[ExI] Energy and Henson's forecast

Keith Henson hkeithhenson at gmail.com
Sat Nov 28 18:09:09 UTC 2009

On Sat, Nov 28, 2009 at 9:41 AM,  BillK <pharos at gmail.com> wrote:

> On 11/28/09, Eugen Leitl wrote:
>> That is one of the problems we face: we failed to start a number of critical
>>  innovations around 1970s, when  money and talent was plentiful. By now
>>  we would have little to none issues if critical infrastructure and
>>  R&D work (nuclear, aerospace, synfuel, electrochemistry, photovoltaics)
>>  would have been started back then. Well, we blew it.

I am not sure the technology was available to do it in those days, but
for sure we didn't try.

On the other hand, the vast majority of the people with the influence
in those days to help get it done were right.  The crisis didn't come
in their lifetime, so why should they bother?

>>  *The* most critical areas right now are energy and food, with mineral
>>  resources trailing close behind. To address this now requires a world
>>  war scale effort. No, I'm not exaggerating. We need to move to crisis
>>  mode yesterday. As far as I can see awareness for this is close to zero.

Mostly correct.  With enough energy you can get by on minerals we are
not even close to running low on.  Food is mostly a function of water,
and with really low cost energy, fresh water is not a problem if you
are within a thousand miles of an ocean.

>>  Obviously the gap will appear to be sudden and painful, and wars for
>>  resources won't be far behind. By the time you're in nuclear/bioweapon
>>  conflict territory you're no longer trying to solve problems, but
>>  trying to stay alive. Recovering from that will be extremely difficult.

It's difficult to imagine even this kind of war that will knock
everyone flat.  Some places, Japan for example, are too isolated and
have too little for attacking them to make much sense.  Of course
"sense," rational thinking is one of the first to go when humans go
into war mode.

>>  The longer we wait, the more people will die. I have no idea how to
>>  address it. Politics is more than useless, and very little is happening
>>  at the grassroots.
>>  Assuming we here can do something, what should we do? Forget personal
>>  attacks at climate science or dangers of tobacco. This is too important.

Yeah, but try to get people to analyze or even talk about the hard
physics and chemistry you need to solve the problems.  You know I have
tried and you also know how unsuccessful I have been.  I think no more
than a handful of people have read the paper I wrote on the economics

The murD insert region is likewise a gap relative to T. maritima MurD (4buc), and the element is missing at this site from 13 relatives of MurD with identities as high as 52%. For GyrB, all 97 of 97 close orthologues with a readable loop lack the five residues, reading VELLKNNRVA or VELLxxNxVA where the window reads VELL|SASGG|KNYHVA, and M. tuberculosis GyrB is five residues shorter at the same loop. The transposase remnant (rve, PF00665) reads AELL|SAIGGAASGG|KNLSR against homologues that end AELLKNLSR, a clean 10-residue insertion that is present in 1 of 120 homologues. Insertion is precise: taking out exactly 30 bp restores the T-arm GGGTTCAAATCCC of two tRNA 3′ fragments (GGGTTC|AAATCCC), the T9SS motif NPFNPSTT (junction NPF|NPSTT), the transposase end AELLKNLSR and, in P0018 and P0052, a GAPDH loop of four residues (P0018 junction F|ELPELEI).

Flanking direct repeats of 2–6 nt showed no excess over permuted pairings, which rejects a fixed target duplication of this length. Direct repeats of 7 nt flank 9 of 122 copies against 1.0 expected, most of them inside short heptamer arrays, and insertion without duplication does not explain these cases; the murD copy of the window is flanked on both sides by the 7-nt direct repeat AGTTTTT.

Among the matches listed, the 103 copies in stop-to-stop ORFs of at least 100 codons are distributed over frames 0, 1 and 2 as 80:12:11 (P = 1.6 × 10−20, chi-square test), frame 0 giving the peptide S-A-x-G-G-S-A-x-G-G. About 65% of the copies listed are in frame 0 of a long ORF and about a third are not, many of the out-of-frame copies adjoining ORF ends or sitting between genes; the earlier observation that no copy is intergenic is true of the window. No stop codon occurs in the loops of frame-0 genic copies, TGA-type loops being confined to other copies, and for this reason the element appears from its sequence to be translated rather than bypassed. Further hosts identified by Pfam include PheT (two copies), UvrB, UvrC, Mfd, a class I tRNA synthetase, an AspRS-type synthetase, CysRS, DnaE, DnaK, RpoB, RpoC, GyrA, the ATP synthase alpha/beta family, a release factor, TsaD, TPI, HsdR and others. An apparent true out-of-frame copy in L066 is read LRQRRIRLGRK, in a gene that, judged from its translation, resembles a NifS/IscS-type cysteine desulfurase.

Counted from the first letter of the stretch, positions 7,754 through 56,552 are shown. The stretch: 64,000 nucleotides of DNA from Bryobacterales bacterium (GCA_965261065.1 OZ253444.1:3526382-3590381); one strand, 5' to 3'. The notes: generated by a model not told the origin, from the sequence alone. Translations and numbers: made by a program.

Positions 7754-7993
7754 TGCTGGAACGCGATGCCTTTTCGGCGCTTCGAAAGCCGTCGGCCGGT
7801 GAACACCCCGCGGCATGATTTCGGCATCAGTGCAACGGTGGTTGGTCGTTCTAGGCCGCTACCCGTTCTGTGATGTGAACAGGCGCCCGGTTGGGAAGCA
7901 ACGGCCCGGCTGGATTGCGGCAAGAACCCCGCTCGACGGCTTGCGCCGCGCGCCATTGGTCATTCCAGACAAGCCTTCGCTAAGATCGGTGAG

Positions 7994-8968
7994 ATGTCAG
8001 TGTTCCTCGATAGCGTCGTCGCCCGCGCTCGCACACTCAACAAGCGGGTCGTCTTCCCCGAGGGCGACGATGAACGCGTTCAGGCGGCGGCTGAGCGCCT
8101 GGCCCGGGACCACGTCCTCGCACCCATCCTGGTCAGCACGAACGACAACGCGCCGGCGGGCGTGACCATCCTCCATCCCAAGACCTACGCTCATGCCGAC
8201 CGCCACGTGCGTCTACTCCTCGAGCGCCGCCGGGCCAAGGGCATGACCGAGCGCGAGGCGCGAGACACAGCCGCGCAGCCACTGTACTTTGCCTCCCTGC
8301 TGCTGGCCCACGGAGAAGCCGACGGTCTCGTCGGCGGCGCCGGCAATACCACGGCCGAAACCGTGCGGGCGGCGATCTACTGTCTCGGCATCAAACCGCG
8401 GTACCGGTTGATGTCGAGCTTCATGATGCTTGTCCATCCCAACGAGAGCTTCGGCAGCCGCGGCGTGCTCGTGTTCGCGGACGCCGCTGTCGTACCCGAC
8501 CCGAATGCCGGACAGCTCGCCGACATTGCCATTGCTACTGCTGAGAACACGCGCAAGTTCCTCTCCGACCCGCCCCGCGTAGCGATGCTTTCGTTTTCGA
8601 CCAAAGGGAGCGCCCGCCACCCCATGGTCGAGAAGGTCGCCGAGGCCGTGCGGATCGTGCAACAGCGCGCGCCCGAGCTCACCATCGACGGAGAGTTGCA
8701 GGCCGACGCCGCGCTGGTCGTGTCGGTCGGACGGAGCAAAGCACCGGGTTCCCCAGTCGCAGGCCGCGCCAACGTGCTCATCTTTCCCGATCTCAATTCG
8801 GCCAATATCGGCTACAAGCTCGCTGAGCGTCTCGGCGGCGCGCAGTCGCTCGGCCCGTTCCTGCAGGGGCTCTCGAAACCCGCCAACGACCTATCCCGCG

of SBSP.    I think only one person on this mailing list has even seen


> Running out of resources, like food, water, energy means a large
> reduction in the human population. By various unpalatable means. I
> think Keith Henson is also forecasting a large human population
> reduction.

It's a conditional forecast.  If we don't do *something* about the
energy problem that is going to kill billions.  Look up how much the
food supply depends on high energy synthetic fertilizers.

> The trick is to try to be in an area where the population dieback is
> not too high.

That's going to be very hard to analyze, perhaps impossible.

> Becoming self-sufficient helps as well. But that is better done where
> a whole town or nation becomes self-sufficient.

That's going to be nearly impossible.

>Otherwise the bigger,
> violent gangs will take your resources. Even at the level of the
> government sending troops to requisition your stuff.  A national
> movement towards self-sufficiency would be good at this point in time.

I am not qualified to judge the merits of such a proposal.  But I can
tell you that unless you have a deep understanding of industrial
inputs and outputs, you are not qualified either.

> As the crisis develops, protectionism will become fashionable
> worldwide and the military will be recalled to protect countries
> borders. Starving nations don't usually sit quiet and die.
> Also, of course, everybody should support any political organisation
> that shows some glimmerings of, first, even realising that there is
> problem and then starting to stumble towards some solutions.

It's not actually hard to solve the energy problem and that's the big one.


> BillK

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